Genetic variation in domestic reindeer and wild caribou in Alaska

Animal Genetics
By: , and 



Reindeer were introduced into Alaska 100 years ago and have been maintained as semidomestic livestock. They have had contact with wild caribou herds, including deliberate cross-breeding and mixing in the wild. Reindeer have considerable potential as a domestic animal for meat or velvet antler production, and wild caribou are important to subsistence and sport hunters. Our objective was to quantify the genetic relationships of reindeer and caribou in Alaska. We identified allelic variation among five herds of wild caribou and three herds of reindeer with DNA sequencing and restriction enzymes for three loci: a DQA locus of the major histocompatibility complex (Rata-DQA1), k-casein and the D-loop of mitochondrial DNA. These loci are of interest because of their potential influence on domestic animal performance and the fitness of wild populations. There is considerable genetic variation in reindeer and caribou for all three loci, including five, three and six alleles for DQA, k-casein and D-loop respectively. Most alleles occur in both reindeer and caribou, which may be the result of recent common ancestry or genetic introgression in either direction. However, allele frequencies differ considerably between reindeer and caribou, which suggests that gene flow has been limited.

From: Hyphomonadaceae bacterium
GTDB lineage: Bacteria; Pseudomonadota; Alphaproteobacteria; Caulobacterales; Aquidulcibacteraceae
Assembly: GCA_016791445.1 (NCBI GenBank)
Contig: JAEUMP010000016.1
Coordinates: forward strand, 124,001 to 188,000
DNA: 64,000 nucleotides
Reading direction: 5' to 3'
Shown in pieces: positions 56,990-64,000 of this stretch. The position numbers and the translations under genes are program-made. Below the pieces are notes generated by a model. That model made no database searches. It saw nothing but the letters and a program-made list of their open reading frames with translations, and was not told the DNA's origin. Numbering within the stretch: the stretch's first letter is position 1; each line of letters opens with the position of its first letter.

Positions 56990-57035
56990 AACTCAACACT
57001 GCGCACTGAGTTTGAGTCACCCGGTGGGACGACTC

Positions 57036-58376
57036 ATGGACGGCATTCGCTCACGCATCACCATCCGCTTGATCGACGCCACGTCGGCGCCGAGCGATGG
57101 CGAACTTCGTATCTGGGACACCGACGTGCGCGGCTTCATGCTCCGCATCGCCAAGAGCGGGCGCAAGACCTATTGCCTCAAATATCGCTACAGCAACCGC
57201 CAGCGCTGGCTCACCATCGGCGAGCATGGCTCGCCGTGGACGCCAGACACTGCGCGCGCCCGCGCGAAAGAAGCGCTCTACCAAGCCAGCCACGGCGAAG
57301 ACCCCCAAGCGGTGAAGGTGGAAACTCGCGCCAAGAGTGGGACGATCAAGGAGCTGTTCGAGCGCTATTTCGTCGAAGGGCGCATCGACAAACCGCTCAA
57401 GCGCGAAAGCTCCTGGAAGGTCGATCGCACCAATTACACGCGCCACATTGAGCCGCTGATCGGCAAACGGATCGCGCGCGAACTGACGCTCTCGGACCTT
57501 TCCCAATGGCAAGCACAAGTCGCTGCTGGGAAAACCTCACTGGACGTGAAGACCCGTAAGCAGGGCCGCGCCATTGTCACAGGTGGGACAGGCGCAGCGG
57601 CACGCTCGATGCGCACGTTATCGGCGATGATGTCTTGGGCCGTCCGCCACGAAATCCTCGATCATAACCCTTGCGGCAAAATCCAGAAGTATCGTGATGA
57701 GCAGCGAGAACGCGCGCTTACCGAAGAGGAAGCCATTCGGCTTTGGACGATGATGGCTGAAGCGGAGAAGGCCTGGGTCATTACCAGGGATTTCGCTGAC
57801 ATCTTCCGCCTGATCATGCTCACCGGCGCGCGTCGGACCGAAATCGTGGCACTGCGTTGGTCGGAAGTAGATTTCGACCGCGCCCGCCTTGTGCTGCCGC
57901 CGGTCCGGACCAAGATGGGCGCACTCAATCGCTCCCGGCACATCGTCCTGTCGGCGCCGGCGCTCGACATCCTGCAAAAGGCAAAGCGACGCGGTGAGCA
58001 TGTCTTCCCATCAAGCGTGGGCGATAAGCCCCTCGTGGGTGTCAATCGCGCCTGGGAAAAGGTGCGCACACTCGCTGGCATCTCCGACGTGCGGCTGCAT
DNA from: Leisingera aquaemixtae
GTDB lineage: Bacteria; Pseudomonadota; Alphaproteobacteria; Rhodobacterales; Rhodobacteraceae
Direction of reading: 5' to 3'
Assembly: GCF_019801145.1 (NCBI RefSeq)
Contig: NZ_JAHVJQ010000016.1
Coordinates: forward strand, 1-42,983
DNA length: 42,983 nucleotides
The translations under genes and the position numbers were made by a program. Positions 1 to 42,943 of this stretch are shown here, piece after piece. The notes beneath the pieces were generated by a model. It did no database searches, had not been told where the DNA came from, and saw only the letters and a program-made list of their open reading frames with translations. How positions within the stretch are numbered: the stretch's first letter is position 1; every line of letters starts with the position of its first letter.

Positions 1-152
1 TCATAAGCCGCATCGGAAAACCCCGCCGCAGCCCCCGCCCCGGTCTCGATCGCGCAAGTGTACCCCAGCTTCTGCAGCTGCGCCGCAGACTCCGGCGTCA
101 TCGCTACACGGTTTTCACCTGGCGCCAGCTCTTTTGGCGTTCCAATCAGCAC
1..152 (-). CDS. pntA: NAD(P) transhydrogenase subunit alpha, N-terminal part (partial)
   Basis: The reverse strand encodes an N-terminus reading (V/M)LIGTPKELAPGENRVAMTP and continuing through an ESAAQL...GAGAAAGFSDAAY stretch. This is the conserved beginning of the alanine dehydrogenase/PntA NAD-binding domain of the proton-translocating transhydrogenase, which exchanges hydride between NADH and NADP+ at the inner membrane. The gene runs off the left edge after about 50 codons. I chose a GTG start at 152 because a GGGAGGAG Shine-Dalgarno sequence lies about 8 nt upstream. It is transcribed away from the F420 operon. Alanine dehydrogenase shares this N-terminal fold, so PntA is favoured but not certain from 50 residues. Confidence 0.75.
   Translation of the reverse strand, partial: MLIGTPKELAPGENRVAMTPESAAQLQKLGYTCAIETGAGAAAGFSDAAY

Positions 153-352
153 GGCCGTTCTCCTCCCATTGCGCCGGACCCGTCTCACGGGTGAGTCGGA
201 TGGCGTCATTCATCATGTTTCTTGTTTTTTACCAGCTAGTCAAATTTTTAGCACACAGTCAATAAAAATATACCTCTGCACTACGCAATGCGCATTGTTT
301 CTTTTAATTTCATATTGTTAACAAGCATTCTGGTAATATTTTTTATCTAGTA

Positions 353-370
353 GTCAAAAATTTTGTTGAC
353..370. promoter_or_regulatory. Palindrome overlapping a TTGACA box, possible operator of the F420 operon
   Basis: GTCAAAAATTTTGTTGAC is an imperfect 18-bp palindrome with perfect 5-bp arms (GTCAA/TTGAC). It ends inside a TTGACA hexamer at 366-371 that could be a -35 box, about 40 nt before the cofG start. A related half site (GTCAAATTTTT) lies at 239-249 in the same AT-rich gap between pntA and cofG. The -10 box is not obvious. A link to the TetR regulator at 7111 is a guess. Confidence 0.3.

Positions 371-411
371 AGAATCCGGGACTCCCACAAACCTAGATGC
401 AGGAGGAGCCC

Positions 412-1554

Publication type Article
Publication Subtype Journal Article
Title Genetic variation in domestic reindeer and wild caribou in Alaska
Series title Animal Genetics
DOI 10.1111/j.1365-2052.1995.tb02695.x
Volume 26
Year Published 1995
Language English
Publisher Wiley
Description 8 p.
First page 427
Last page 434
Country United States
State Alaska
Online Only (Y/N) N
Additional Online Files (Y/N) N
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